The cap of the mushrooms should be facing up so when you cover the bowl, the caps fully submerge in the water. If the mushrooms are floating above the water, fill the bowl to the rim so the lid will force them under.
Stop any steam from escaping by sealing the bowl with a lid, foil or plate. Leave the mushrooms to soak for around 20 minutes.
Ensure the mushrooms are fully re-hydrated after 20 minutes, otherwise, you’ll miss out on their maximum potential.
The size of the mushrooms or caps determine whether they’ll need longer than the average soaking time. Soak average-sized shiitake mushrooms for 20 minutes, with smaller ones taking less and larger ones taking more time.
Remove a mushroom and give it a gentle squeeze. If it feels tender and spongy, the soaking is complete.
The water used to re-hydrate the mushrooms will contain a substantial amount of flavor from the mushrooms and is useful for other recipes as needed.
Once the mushrooms are properly re-hydrated, rain the water from the bowl.
To re-use the water for other recipes, run it through a sieve to remove any bits of grit and material.
Slice the shiitake mushrooms to your required size. Depending on your taste, remove the stems as they remain difficult to chew, even after cooking.
To reduce waste, use the stems for stock or other recipes.
If you kept the water from earlier in the process, combine it with the stems for a healthy and tasty shiitake mushroom soup.
How do you store dried shiitake mushrooms?
Fresh shiitake mushrooms do not last as long as dried ones, remaining fresh for about two weeks. After that, they slowly lose their appealing taste and nutritional value.
Dried shiitake mushrooms last for much, much longer. Exactly how long they last will depend on the product or brand, as well as how and where you store them.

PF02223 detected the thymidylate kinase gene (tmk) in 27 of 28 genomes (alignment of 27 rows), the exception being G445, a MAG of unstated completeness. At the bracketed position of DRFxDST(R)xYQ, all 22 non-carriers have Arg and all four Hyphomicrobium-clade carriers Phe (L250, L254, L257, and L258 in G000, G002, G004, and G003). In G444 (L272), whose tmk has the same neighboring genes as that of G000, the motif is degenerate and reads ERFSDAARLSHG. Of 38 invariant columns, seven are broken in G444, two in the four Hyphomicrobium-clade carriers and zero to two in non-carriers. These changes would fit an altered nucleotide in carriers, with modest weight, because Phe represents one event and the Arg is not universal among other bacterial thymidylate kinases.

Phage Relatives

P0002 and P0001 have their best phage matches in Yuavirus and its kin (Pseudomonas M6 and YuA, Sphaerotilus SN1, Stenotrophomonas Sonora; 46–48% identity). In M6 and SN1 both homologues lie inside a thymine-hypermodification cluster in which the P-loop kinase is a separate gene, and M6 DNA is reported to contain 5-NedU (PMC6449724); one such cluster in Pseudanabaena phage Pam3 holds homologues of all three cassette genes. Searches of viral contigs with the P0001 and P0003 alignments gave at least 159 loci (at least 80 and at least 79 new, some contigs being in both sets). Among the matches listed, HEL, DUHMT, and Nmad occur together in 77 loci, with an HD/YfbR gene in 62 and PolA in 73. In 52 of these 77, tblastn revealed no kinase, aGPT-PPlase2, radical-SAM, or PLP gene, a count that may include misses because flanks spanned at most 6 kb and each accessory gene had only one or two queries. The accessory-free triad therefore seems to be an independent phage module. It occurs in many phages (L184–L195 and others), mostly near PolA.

Not all recipes will require entire contents of dried shiitake mushroom packets. Store remaining mushrooms in sealed plastic bags or air-tight containers in a cool dry place.
Removing more air from the stored packets will increase their shelf-life. One piece of advice is if you live in a home or area with high humidity, store your dried shiitake mushrooms in the fridge.
How to use dried shiitake mushrooms?
Shiitake mushrooms are native to China. A lot of Chinese or Asian dishes use them as ingredients. Dried shiitake mushrooms compliment soups, stir-fries, stews, and braised type meals.
Both fresh and dried shiitake mushrooms add a strong and very distinct flavor to recipes.
Use dried mushrooms in the two ways described above, many options available from Amazon.
Here are some great examples of the wonderful shiitake mushroom products available.
MIT Dried Shiitake Mushrooms
Look for these types of dried shiitake mushrooms if you plan to cook with them. There are many different brands available and MIT is one I recommend.
Different-sized dried shiitake mushrooms are available. Buy enough to use and also store away, the shelf-life of the dried mushroom perfect for safe-keeping.
The Snak Yard Crispy Crunchy & Seasoned Dried Shiitake Mushroom
This product by The Snak Yard is another fantastic dried shiitake mushroom option. Eat these as a snack whenever you feel like an alternative treat.
This particular product comes in a two-pack deal if purchased, already seasoned and cooked to crispy perfection. Enjoy.
DJ&A Lightly Cooked & Seasoned Crisp Dried Shiitake Mushroom
The DJ&A dried shiitake mushroom snack meal is also a good choice and comes with two packs.
Cooked and seasoned a little less than other products, this brand is perfect for those who enjoy more of the natural taste of raw mushrooms with just a hint of seasoning.
This guide for dried shiitake mushrooms should give you the complete knowledge and confidence to better understand this amazing product. With a little practice, and the simple steps given here, you will create your own amazing dried shiitake mushroom experiences.
Falling in love with this mushroom in its true from is already easy enough. But discovering their versatility and intense flavors in dried form is an experience worth trying out for yourself!
Discover some amazing shiitake mushroom recipes here: